One of Minneapolis’ oldest relics is set to reopen this summer with new life.
The Pillsbury “A” Mill complex, which put the city on the map as the country’s flour-milling capital, will open as a four-building artist loft community in July.
The developer, Plymouth-based Dominium, may also continue the mill’s history of industrial innovation by adapting the century-old infrastructure into a hydro energy project, which may be the only one of its kind in the nation.
As part of the first phase of development, a few dozen artists have already moved to the riverfront in the four-story Warehouse 2 building, the wood-frame building next to The Soap Factory. Residents began moving into the 43 units in the Marcy-Holmes neighborhood last December.
The second phase includes the iconic limestone “A” Mill, built in 1881, that will house 115 units, along with the 23-unit Red Clay Tile Building and 70-unit Cleaning House.
The development, with a total of 251 units, will also include several artist-focused amenities, from a resident art gallery to clay studio, and even a culinary kitchen.
Dominium is also hoping to power about 70 percent of the development’s electricity needs with a hydroelectric project that harnesses what was once the mill’s water-powered flour operation. The developer began planning the hydropower project last year and is making its way through the regulatory process. Dominium hopes to complete construction on the project this year.
An nearly finished loft in the “A” Mill complex features original support beams and tall, open rooms.
A-Mill Artist Lofts, much like Dominium’s artists lofts within the 125-year-old Schmidt’s Brewery in St. Paul, will create a hub for Northeast Minneapolis creatives along the picturesque Main Street riverfront where housing is competitive and expensive. The development is restricted to artists making under $40,000 annually and rent is far lower than many of the neighboring market-rate complexes.
“It’s an attractive project,” Patrick Ostrom, a development associate, said. “[Artist loft] units end up being what you would get in a market-rate project for about half the cost.”
The developer hopes that residents become a vibrant part of the community and engage one another with their art, which may range from sculpture to music or cooking. Ostrom said there’s even a resident juggler in Schmidt’s Brewery. A third-party committee assesses each potential resident’s application for a commitment to art, regardless of medium. Residents don’t have to be full-time artists or make their income from art.
A commitment to art unifies this future community. David Lepak, a community manager with A-Mill Artist Lofts, said about half of both current and future residents reported wanting to move to the housing project because they could network and collaborate with other artists.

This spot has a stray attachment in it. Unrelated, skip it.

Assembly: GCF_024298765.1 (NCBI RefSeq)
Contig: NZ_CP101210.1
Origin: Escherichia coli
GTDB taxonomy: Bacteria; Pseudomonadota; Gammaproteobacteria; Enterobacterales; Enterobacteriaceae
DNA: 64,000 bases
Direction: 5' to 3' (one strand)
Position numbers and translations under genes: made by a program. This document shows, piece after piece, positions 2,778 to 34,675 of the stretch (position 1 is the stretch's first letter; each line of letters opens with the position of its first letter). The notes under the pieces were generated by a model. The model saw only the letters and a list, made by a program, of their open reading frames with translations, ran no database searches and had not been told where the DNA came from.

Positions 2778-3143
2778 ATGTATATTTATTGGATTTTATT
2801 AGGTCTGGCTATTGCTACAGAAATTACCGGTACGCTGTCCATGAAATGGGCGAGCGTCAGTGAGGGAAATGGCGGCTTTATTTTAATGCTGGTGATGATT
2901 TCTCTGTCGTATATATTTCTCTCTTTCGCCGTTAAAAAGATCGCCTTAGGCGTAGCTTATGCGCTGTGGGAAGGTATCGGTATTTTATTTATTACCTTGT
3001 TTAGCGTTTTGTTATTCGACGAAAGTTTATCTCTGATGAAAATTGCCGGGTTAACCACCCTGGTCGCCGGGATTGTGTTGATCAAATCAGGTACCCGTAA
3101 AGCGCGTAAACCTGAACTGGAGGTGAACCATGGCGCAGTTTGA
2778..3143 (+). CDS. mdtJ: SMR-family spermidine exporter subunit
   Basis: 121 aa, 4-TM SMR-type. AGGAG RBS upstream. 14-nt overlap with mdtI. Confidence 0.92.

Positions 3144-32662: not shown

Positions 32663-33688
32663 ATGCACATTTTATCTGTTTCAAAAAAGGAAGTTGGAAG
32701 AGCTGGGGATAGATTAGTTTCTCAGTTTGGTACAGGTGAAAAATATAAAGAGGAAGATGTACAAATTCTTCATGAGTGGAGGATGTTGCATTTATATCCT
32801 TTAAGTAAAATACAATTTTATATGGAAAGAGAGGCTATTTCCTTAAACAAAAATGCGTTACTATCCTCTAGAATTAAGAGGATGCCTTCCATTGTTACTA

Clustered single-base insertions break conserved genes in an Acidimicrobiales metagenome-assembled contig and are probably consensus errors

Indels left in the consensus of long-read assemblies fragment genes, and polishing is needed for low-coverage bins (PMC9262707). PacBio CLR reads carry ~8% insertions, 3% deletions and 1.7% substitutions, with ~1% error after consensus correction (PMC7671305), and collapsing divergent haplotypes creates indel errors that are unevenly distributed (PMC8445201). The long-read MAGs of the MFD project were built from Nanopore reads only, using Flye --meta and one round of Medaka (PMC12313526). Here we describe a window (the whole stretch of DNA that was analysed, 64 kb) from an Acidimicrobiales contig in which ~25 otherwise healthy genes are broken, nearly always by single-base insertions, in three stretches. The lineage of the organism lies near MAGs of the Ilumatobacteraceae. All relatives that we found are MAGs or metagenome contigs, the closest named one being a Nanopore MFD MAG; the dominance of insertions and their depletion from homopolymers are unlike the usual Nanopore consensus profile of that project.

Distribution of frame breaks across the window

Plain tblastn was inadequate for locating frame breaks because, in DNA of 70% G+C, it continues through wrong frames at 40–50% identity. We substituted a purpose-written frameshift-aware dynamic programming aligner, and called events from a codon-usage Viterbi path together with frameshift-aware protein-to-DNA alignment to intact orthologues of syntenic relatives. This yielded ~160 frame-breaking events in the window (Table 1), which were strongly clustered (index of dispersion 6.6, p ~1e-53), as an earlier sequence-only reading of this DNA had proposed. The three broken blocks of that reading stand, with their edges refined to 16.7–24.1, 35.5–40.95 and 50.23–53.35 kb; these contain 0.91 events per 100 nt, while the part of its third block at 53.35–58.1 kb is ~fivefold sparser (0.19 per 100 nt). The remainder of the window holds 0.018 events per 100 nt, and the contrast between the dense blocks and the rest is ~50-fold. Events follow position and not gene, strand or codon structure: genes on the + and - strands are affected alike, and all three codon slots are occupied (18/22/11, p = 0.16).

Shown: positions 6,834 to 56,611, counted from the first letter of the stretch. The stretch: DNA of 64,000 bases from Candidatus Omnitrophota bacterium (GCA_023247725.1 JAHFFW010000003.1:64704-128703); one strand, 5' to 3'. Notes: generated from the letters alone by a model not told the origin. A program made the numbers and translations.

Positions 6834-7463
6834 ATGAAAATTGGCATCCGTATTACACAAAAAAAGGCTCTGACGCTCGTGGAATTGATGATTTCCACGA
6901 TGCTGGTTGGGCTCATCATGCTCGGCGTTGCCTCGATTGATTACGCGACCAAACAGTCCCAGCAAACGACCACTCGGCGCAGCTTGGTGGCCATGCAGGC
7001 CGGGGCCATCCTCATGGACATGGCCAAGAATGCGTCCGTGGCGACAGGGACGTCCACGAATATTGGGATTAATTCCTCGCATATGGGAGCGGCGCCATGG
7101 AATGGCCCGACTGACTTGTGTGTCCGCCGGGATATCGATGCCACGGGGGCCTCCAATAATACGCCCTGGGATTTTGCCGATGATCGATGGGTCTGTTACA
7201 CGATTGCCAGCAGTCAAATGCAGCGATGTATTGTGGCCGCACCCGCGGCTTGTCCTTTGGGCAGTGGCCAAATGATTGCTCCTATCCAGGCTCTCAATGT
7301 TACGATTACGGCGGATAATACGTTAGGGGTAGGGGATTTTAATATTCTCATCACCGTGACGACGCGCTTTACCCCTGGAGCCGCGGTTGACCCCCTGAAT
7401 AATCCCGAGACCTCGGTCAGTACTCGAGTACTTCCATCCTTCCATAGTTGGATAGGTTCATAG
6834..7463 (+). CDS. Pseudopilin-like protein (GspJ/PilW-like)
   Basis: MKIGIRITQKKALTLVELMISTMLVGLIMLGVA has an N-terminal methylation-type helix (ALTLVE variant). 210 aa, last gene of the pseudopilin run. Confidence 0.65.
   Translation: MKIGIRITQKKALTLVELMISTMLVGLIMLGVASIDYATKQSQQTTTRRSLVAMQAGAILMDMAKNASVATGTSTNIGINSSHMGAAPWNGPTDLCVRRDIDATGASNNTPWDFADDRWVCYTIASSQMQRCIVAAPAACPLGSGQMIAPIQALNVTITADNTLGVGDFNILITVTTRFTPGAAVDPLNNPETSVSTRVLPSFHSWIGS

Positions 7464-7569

And residents will have plenty of chances to view one another’s work. As part of the three buildings opening this summer, the developer plans to curate resident art in an on-site gallery. Lepak said there are also plenty of spaces throughout the complex that could house art in the future.
Linda Banning, a full-time crafter of glass jewelry, now lives in the first phase of development where she runs a studio out of her loft. She had heard of Dominium’s other artist loft development while living in Uptown and decided to join a community that matched her interests.
“I wasn’t living with my people. I wanted to live with my people. When I saw the opportunity come up, I had to jump on it,” she said.
She said the development is unique in the area because it attracts different kinds of art and with them, all different kinds of people. In just the open units, Banning said she’s seen people of all ages who are writers, dancers and musicians.
Paul Spring, a musician, and his girlfriend, a visual artist, moved from a small town to live and work out of their loft in Warehouse 2. Spring said the music practice space will be especially helpful for them because studio space is costly elsewhere in the city. Other amenities set to open this summer include a performance center, a studio for painters and even a large open space for whatever residents could think to do.
The development’s future community space is nearly complete and will open later this year.
The new life coming to the historic landmark follows much of Northeast Minneapolis where many former industrial spaces now house the city’s booming creative businesses, though rarely do they include affordable housing. The 35-unit ArtsSpace Jackson Flats opened in 2013 and is the only similar affordable artist housing development in the area.
Spring said the development and its community was an incredible opportunity for them to bring their art to Northeast Minneapolis. Banning said she’s excited for the housing to attract more artists to Minneapolis later this year, as the historic mill reopens after more than a decade.
“I feel so great and so lucky. I’m never leaving,” she laughed. “This summer is going to be big.”
A rendering from Dominium shows the finished artist loft development.
Eric Best // firstname.lastname@example.org // 612.436.5088 // @ericthebest